The real world is often drastically different from the abstract assumptions of economic textbooks. The argument for currency depreciation leading to an improvement in trade balance assumes price elasticity of imports and exports.
Shared News | Aug 15, 2018 08:23 IST
The rupee on Tuesday breached the historic low of 70-mark against the US dollar before recovering at close on suspected RBI intervention and the finance ministry’s dismissing the concerns over its sharp fall.
In the abstract world of economics textbooks, a depreciating currency need not always be a bad thing. Currency depreciation can help countries improve their trade balance. An example can help us understand this. Let us assume Indians imported only iPhones and exported only shirts.
A fall in the rupee would make our imports more expensive, because Indians would be paying more in rupee terms for the unchanged dollar price of the iPhone. This would lead to a reduction in demand for iPhones and hence reduce our import bill. Similarly, an American retailer importing shirts from India would be able to get more shirts for the same expenditure in dollars. This would make him reroute more of his orders to India and lead to a rise in exports. An increase in net exports means an increase in economic growth.
The preceding discussion raises questions on the validity of alarmist commentary every time the rupee reaches a new low vis-à-vis the dollar. Are such reactions driven more by warped notions of economic nationalism than actual economic interests? Not necessarily.
The real world is often drastically different from the abstract assumptions of economic textbooks. The argument for currency depreciation leading to an improvement in trade balance assumes price elasticity of imports and exports. In simple terms, a commodity is described as price elastic if its demand is responsive to a change in price.
One of India’s biggest imports is crude oil. An economy cannot adjust its petroleum consumption with change in prices. Energy requirements are driven by level of activity and wealth in an economy. Herein lays perhaps the most important cost of a falling rupee for India. A fall in the rupee means a rise in price of India’s crude oil basket (COB). This implies a rise in fiscal deficit and inflation.
A rapidly depreciating currency also deprives the economy from exploiting the gains of fall in international oil prices. Chart 1 shows the annual change in prices of India’s COB in dollar and rupee terms. In 12 out of 18 years since 2001-02, the change in the rupee price of India’s COB has been unfavourable vis-à-vis the dollar price. This means that when oil prices have fallen, the rupee price has fallen less than the dollar price and when prices have risen, the rupee price has risen more than the dollar price. A bigger fall in the rupee at a time of rising oil prices is bound to increase this pain.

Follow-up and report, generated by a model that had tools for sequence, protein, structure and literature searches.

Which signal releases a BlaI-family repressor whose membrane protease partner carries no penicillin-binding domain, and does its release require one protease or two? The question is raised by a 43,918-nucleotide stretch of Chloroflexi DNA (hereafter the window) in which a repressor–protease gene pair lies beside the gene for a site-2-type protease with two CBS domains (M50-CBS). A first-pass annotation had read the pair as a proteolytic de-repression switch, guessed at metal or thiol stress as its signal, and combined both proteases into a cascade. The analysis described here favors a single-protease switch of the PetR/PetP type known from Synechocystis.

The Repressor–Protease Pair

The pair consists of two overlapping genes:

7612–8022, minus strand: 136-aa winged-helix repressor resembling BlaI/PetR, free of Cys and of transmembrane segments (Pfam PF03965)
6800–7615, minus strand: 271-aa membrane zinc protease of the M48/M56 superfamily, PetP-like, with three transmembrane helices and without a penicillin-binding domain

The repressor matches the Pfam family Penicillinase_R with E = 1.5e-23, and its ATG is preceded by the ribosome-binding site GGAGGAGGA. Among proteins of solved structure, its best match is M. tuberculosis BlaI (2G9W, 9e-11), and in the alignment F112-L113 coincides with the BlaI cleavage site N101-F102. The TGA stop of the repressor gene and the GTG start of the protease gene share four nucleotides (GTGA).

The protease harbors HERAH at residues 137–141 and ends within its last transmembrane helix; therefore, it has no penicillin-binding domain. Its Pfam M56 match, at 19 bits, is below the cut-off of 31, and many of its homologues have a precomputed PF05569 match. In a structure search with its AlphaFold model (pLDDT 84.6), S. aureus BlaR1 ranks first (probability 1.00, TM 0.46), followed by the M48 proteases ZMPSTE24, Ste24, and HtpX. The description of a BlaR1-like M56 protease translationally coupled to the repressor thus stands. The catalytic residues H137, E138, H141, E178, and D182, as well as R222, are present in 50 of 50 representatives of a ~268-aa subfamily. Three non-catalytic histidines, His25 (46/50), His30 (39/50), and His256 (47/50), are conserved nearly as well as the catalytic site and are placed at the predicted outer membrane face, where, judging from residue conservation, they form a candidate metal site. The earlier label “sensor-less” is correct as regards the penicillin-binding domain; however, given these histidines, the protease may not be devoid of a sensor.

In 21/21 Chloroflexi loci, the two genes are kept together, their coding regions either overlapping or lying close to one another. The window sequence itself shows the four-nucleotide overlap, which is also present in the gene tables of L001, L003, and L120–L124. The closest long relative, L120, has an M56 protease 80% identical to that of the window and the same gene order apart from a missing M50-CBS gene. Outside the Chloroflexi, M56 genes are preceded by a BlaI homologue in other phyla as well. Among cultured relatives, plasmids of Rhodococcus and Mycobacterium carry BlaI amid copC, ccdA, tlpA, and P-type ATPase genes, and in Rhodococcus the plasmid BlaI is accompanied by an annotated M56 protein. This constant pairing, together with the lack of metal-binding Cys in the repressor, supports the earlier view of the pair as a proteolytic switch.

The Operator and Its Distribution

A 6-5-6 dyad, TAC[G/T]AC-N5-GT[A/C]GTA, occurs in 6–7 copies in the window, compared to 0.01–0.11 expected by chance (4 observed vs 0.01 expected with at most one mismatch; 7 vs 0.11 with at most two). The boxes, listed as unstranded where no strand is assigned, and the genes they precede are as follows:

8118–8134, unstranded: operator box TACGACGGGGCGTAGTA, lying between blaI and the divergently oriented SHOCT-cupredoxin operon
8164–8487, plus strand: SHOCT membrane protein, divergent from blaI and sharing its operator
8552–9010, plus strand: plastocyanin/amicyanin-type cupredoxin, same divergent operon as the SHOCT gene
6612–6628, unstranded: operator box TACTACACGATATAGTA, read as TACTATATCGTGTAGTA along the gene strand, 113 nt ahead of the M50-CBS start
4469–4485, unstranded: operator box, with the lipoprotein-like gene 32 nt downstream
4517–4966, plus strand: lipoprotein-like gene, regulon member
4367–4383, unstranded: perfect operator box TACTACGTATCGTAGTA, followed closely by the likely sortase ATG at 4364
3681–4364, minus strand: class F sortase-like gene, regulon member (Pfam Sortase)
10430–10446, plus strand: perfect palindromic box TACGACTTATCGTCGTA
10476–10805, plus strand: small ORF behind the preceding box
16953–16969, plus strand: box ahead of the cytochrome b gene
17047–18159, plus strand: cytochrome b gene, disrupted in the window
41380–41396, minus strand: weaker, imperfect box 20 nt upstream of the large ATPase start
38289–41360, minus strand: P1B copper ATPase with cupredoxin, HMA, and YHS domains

It could be argued that the logic of depreciation being beneficial applies to other sectors of the economy. Our non-petroleum trade balance could improve. Non Resident Indians (NRIs) could be sending more money in remittances because every dollar gets much more in rupee terms. Unfortunately, the argument does not lend itself to a simple empirical scrutiny.
Chart 2 plots movements in India’s non-petroleum trade balance and current account balance with the rupee-dollar exchange rate. It does not show an improvement in trade/current account performance with a depreciating currency.
To be sure, a multitude of factors apart from exchange rates affect trade and current account balance. This is even truer in today’s age when the multilateral trading system is in serious jeopardy and world’s two largest economies, the US and China, are heading towards a full-fledged trade war.
Also, exchange rates themselves are driven by factors which are hardly in control of governments and central banks even in the biggest economies. For example, if the US were to raise its domestic interest rates tomorrow, dollar deposits from across the world are likely to head back home. This is bound to generate headwinds for domestic currency in countries where they are parked currently.
The short point is, any attempts to trivialise the costs of falling rupee are unjustifiable. What is also true is the fact that there are no easy and quick solutions to such problems.